What comes to mind when you hear the word shark? If it’s during Discovery Channel’s most popular program, it is generally excitement, some science and a lot of programming on great white shark attacks and other fearsome predators. Discovery Channel’s Shark Week celebrated its 35th year this past week. Last year Dwayne (The Rock) Johnson hosted the week-long shark fest, followed this year by Jason Mamoa. Both action figures have Polynesian blood and proudly sport tattoos worthy of Manō (Hawaiian for shark), both cultural icons appealing to Sharkweek’s primetime audience of adults and men 18-49.
Mamoa himself, designated as the UN Environment Programme’s (UNEP) Advocate for Life Below Water, brings conservation credibility to this year’s program. Shark Week is an annual Discovery Channel television event dedicated to sharks, and highly anticipated by those fond or fearing the toothy denizens of the deeps.
Charismatic as an apex predator, Aquaman navigates us through programs such as Belly of the Beast: Feeding Frenzy (a camera in a shark’s belly via a decoy); Air Jaws the Final Frontier (flying sharks); Great White Fight Club; Jaws Vs the Meg; and other films with the descriptors: monster, blood in the water, serial killer and fresh blood.
According to the producers, the main focus of Shark Week is to educate the public about sharks, their behavior, habitats, and the importance of shark conservation. The programming includes a mix of documentaries, special features, and educational segments that showcase various aspects of these fascinating marine creatures. However, much of the programming hosts comedians and celebrities whose antics fall as flat as a sting ray.
Whats all the fuss about? Sharkweek has drawn blood from the shark conservation community by emphasizing the fierce and ferocious nature of sharks, many featuring white sharks. Some episodes perpetuate the Jaws myth that sharks are mindless man eaters and cold blooded killing machines. The late Peter Benchley, author of Jaws used the last decades of his life to attempt to undo what his book, and the film did to sharks. After almost 50 years, film producer Steven Spielberg has finally made a statement regretting the negative stereotypes his influential film and an entire sub genre of shark- thrillers that Jaws indirectly spawned.
According to Discovery, the 2023 premiere of Shark Week’s 35th year was the highest-rated Shark Week premiere night in three years. This year’s line up mixes scientific credibility with Dr. Austin Gallagher, and inanity with Dr. Pimple Popper.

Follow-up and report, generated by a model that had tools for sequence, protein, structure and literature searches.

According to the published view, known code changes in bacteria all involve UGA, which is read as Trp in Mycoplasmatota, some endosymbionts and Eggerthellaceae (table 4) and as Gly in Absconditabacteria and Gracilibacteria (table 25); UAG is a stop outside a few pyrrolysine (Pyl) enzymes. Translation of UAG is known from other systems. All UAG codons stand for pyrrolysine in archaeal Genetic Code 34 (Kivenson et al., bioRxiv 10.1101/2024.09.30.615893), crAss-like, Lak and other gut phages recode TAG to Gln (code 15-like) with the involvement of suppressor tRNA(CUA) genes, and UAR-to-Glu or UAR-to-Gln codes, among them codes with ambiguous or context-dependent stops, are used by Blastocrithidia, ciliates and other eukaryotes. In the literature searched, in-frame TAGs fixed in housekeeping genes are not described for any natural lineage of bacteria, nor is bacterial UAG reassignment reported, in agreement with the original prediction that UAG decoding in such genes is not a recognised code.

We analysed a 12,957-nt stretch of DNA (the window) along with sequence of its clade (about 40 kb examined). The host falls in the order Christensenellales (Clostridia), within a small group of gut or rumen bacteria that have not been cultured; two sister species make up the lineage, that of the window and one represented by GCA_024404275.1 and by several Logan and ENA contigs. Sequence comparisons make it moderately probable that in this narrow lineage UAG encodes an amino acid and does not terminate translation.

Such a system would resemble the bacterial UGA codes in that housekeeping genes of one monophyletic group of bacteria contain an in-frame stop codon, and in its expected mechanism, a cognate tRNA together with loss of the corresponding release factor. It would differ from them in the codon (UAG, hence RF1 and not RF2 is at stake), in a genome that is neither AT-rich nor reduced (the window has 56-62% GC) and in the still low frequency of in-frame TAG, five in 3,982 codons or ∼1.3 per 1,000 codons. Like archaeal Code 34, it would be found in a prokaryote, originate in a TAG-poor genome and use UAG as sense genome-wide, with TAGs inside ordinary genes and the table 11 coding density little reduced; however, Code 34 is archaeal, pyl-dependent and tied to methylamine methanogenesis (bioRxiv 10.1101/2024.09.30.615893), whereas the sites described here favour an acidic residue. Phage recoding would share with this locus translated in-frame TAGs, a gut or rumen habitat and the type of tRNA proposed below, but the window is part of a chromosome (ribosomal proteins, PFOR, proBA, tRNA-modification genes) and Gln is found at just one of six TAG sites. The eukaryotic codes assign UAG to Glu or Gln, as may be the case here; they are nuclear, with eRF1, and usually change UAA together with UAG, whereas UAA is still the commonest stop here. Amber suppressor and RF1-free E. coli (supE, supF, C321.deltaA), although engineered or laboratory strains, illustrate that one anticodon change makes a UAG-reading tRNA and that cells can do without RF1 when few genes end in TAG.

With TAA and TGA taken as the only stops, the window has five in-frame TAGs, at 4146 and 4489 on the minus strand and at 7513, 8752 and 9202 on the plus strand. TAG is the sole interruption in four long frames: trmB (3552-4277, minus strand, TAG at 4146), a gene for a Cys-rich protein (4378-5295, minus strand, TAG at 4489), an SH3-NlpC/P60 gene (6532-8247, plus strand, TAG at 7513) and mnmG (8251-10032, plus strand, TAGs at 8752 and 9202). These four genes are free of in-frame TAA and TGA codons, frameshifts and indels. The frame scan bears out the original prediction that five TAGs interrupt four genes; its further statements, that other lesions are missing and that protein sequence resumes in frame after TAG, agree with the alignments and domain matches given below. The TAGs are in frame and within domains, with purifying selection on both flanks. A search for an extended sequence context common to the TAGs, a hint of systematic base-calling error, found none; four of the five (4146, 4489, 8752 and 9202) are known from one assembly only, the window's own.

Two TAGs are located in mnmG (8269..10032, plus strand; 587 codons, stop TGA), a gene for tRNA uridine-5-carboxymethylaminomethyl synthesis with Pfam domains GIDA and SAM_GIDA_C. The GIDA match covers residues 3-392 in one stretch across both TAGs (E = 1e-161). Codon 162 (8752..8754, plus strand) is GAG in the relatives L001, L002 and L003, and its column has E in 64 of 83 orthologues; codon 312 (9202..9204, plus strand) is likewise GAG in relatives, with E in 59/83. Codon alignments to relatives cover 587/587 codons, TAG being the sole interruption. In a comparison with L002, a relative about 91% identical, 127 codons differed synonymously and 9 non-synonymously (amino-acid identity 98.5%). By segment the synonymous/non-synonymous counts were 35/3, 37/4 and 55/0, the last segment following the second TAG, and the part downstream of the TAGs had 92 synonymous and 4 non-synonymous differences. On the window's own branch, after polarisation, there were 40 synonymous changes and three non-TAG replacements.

While Shark Week has been criticized in the past for sensationalizing shark attacks and perpetuating fear, in recent years the Discovery Channel has made efforts to shift the focus towards education and conservation. But the 2023 program has also received its fair share of criticism, including a July 24, 2023 NPR interview with Dr. Gavin Naylor, a shark scientist who directs the University of Florida’s shark research program. Naylor says “it (Shark Week) is using graphic, sensationalized footage in its portrayal of sharks.” According to Dr. Naylor, the risk of being bitten by a shark is way overblown in the series.
Given its significant viewership and media influence, Shark Week has a responsibility to strike a balance between entertainment and education, and not stray from science for the sake of sensationalism.
Attack on Sharks
Shark attacks on humans are fortunately relatively rare events, and it’s crucial to remember that sharks are not malicious creatures actively seeking out humans as prey. Sensationalized portrayals of shark attacks can perpetuate fear and misunderstanding about these essential apex predators, potentially hindering conservation efforts.
The fact is that instead of being the villain, sharks are really the victim. The International Union for the Conservation of Nature has listed one third of all sharks, skates and ray species as threatened with extinction. It is estimated that between 73 and 100 million sharks and their cousins are killed by direct commercial fishing, shark finning and as bycatch every year. Using this estimate, over 192,00 sharks will be killed this Shark Week. At this rate, these statistics predict there will not be many sharks left for future shark weeks. Yet despite many species spiraling to extinction, many at the hands of shark finners supply the voracious demand for shark fin soup, Discovery still has shockingly few programs on threats to sharks and solutions for sharks for their survival.
Through exposing sharks to the public, and increasing their presence in social media, Sharkweek does provide those of us working in shark conservation a service. The programming allows for commentary, press and even raising some positive awareness for sharks.
After the week ends we will continue to lose these magnificent animals by the millions. With many species facing extinction the public needs to reconsider the myths around sharks, and join Shark Stewards celebrating sharks this Sharktober, while working to save these important and majestic fish.
It’s important to note that while Shark Week can play a positive role in raising awareness and generating interest in shark conservation, it can influence the attitudes and behavior of millions. The real and sustained conservation efforts will come from ongoing research, advocacy, and the commitment of individuals, organizations, and governments to protect sharks and the oceans they inhabit.
Join Shark Stewards, support the EU Shark Fin Trade Elimination Act by signing the petition and consider supporting our other campaigns.
Shark Stewards is a non profit project of the Earth Island Institute. Learn more at Sharkstewards.org